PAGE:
"Officers of government, instead of having a single eye and undivided attachment to the executive branch, as they ought to have, consistent with law and the constitution, will be constantly tempted to be factious with their factious patrons in the senate. The president's own officers in a thousand instances will oppose his just and constitutional exertions, and screen themselves under the wings of their patrons and party in the legislature. Nor will it secure the confidence of the people; the people will have more confidence in the executive, in executive matters, than in the senate. The people will be constantly jealous of factious schemes in the senators to unduly influence the executive, and of corrupt bargains between the senate and executive, to serve each others private views. The people will also be jealous that the influence of the senate will be employed to conceal, connive, and defend guilt in executive officers, instead of being a guard and watch upon them, and a terror to them—a council selected by the president himself at his pleasure, from among the senators, representatives, and nation at large, would be purely responsible-in that case, the senate as a body would not be compromised. The senate would be a terror to privy councillors--its honor would never be pledged to support any measure or instrument of the executive, beyond justice, law, and the constitution. Nor would a privy council be more expensive. The whole senate must now deliberate on every appointment, and, if they ever find time for it, you will find that a great deal of time will be required and consumed in this service. Then the president might have a constant executive council; now he has none.

"I said under the seventh head that the senate would not have time. You will find that the whole business of this government will be infinitely delayed, by this negative of the senate on treaties and appointments. Indian treaties and consular conventions have been already waiting for months, and the senate have not been able to find a moment of time to attend to them; and this evil must constantly increase, so that the senate must be constantly sitting, and must be paid as long as they sit.

"But I have tired your patience. Is there any truth or importance in these broken hints and crude surmises or not? To me they appear well founded and very important.”

To these remarks Mr. Sherman replied, that he esteemed "the provision made for appointments to office, to be a matter of very great importance, on which the liberties and safety of the people depended, nearly as much as on legislation. If that was vested in the president alone he might render himself despotic. It was a saying of one of the kings of England, ' that while the king could appoint the bishops and judges, he might have what religion and laws he pleased.' To give that observation its full effect, they must hold their offices during his pleasure; by such appointments without control, a power might be gradually established, that would be more formidable than a standing army.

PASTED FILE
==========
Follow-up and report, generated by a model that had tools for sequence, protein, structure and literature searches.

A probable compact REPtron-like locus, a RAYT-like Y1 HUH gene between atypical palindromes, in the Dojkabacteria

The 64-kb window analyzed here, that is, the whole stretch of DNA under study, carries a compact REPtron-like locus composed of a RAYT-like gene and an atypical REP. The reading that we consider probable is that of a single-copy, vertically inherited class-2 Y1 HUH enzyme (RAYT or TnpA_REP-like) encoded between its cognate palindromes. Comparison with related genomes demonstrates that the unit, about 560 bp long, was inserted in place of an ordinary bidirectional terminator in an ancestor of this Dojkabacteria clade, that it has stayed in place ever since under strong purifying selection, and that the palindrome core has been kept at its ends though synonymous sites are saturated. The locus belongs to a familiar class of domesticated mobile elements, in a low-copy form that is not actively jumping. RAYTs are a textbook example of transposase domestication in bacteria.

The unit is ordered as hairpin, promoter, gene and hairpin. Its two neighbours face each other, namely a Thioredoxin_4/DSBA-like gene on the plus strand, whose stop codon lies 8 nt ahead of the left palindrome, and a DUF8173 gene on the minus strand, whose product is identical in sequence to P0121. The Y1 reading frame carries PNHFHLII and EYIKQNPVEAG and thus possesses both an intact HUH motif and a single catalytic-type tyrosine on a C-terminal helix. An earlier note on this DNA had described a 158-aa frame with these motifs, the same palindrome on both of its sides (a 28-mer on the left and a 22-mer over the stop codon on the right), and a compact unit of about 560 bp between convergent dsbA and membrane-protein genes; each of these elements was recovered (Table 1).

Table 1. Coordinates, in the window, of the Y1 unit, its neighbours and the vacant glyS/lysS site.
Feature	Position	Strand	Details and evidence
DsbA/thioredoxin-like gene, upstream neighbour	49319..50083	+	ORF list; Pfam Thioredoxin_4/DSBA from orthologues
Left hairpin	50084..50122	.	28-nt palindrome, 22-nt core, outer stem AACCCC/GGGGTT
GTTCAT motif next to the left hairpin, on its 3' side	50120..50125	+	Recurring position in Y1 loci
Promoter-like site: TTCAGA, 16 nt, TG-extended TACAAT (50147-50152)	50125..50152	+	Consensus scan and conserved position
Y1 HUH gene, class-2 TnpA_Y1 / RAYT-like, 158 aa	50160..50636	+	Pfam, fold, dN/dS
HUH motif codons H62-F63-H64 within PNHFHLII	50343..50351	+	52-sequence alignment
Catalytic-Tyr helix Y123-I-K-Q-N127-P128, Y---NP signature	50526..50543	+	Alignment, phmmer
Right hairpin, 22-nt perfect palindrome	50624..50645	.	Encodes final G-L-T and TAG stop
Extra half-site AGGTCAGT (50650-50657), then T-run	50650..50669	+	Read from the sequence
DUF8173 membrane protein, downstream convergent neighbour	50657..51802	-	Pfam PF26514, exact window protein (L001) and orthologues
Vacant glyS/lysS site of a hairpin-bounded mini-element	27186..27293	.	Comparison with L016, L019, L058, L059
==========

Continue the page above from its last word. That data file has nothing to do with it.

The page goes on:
"It appears to me that the senate is the most important branch in the government, for the aid and support of the executive, for securing the rights of the individual states, the government of the United States and the liberties of the people. The executive is not to execute its own will, but the will of the legislature declared by the laws, and the senate being a branch of the legislature, will be disposed to accomplish that end; and advise to such appointments as will be most likely to effect it; from their knowledge of the people in the several states, they can give the best information who are qualified for office. And they will, as you justly observe, in some degree lessen his responsibility, yet will he not have as much remaining as he can well support? and may not their advice enable him to make such judicious appointments as to renVOL. II.


der responsibility less necessary? no person can deserve censure when he acts honestly according to his best discretion.

"The senators being chosen by the legislatures of the states, and depending on them for re-election, will naturally be watchful to prevent any infringement of the rights of the states. And the government of the United States being federal, and instituted by a number of sovereign states for the better security of their rights, and advancement of their interests, they may be considered as so many pillars to support it, and by the exercise of the state governments, peace and good order may be preserved in the places most remote from the seat of the federal government as well as at the centre.

"I believe this will be a better balance to secure the government, than three independent negatives would be.

"I think you admit in your defense of the governments of the United States, that even one branch might serve in a diplomatic government like that of the union; but I think the constitution is much improved by the addition of another branch, and those of the executive and judiciary. This seems to be an improvement on federal government beyond what has been made by any other states. I can see nothing in the constitution that will tend to its dissolution except the article for making amendments.

"That the evils that you suggest may happen in consequence of the power vested in the senate to aid the executive, appear to me to be but barely possible. The senators, from the provision made for their appointment, will commonly be some of the most respectable citizens in the states for wisdom and probity, and superior to faction, intrigue, or low artifice, to obtain appointments for themselves or their friends, and any attempts of that kind would destroy their reputation with a free and enlightened people, and so frustrate the end they would have in view. Their being candidates for re-election, will probably be one of the most powerful motives (next to that of their virtue) to fidelity in office, and by that mean alone would they hope for success. 'He that walketh uprightly, walketh surely,' is the saying of a divinely inspired writer-they will naturally have the confidence of the people, as